From his election in 2010, Walker controlled not just the executive branch but, for all intents and purposes, the legislative branch. A pair of loyal Republican lieutenants, brothers Jeff and Scott Fitzgerald, made sure that the governor’s wish was their command—with Jeff Fitzgerald running the state Assembly as its speaker and Scott Fitzgerald running the state Senate as its majority leader.

Without the Fitzgerald brothers, Walker could not have advanced his agenda.

When Walker was elected, Republican control of both chambers seemed to be assured for the whole of his first two years. That was particularly true in the powerful state Senate, where the GOP held a wide 19-14 advantage. The only power the Democrats had was that of withdrawing consent by leaving the state, as the fourteen dissenters did when Walker began moving to eliminate collective bargaining rights for public employees.

On June 5, Walker won the governor’s race. But one of his steadiest backers, state Senator Van Wanggaard, R-Racine, finished roughly 800 votes behind Democratic challenger John Lehman.

Lehman, a former legislator with a progressive, strongly pro-labor record, campaigned as a firm foe of Walker’s agenda. And national right-wing groups such as the Koch brothers–funded Americans for Prosperity operation did everything in their power to beat him. They even organized a massive final rally in southeastern Wisconsin’s 21st district, featuring House Budget Committee chair (and conservative icon) Paul Ryan.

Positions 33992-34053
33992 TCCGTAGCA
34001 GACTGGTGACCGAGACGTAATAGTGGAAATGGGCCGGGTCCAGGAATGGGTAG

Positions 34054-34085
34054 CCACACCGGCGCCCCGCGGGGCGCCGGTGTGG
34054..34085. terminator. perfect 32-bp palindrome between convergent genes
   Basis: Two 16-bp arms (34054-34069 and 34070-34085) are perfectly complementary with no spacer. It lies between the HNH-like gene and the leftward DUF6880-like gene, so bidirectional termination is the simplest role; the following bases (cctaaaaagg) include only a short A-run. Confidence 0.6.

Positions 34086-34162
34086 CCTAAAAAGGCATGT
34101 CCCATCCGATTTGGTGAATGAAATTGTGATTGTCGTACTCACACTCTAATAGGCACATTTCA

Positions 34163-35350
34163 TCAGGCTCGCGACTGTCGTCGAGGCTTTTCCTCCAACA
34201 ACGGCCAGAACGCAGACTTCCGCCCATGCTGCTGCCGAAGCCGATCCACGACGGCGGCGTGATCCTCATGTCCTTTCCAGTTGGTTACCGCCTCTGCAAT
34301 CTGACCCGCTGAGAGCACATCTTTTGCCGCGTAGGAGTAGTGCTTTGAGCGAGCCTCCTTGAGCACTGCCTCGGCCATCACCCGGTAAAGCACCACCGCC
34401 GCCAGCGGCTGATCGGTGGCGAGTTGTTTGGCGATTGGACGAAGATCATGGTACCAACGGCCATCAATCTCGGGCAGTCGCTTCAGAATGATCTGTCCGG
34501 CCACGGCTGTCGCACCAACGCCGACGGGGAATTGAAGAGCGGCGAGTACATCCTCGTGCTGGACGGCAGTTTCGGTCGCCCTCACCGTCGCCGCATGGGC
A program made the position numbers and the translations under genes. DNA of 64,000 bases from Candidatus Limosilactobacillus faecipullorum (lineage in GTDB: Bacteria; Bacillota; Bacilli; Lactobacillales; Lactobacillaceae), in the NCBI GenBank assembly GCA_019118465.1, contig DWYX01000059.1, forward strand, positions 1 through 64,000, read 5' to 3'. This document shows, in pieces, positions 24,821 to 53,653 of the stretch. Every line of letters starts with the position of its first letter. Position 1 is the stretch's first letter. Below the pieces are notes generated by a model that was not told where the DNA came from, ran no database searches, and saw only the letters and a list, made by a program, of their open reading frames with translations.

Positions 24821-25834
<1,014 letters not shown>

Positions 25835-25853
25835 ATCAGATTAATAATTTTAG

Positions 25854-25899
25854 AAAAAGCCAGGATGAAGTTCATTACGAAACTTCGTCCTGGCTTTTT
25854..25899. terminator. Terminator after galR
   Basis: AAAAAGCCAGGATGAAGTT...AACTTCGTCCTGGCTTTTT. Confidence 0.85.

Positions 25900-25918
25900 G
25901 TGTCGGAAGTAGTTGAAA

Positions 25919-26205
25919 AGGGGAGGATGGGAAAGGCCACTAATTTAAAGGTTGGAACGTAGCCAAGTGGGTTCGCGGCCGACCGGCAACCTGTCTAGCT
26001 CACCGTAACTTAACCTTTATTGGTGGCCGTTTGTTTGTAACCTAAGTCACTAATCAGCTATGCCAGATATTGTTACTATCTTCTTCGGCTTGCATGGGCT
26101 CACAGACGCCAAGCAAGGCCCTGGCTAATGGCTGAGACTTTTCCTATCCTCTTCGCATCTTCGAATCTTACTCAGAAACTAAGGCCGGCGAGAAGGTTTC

Even after Lehman won, the Republicans fought to prevent him from taking his seat, with an extended recount fight, threats of legal actions and a smear campaign suggesting that his victory (in a district with a substantial minority population) resulted from “voting irregularities” in African-American and Hispanic precincts of the historically Democratic city of Racine.

For a time it seemed the GOP would do anything to prevent Walker from losing his iron grip on state government.

Ultimately, however, Lehman prevailed. And, on Tuesday, after he was seated, control of the Senate formally shifted to the Democrats, with progressive Mark Miller taking over from Scott Fitzgerald as majority leader and Fred Risser, the longest-serving legislator in the country and a progressive stalwart, taking over as Senate president.

H/T: John Nichols at The Nation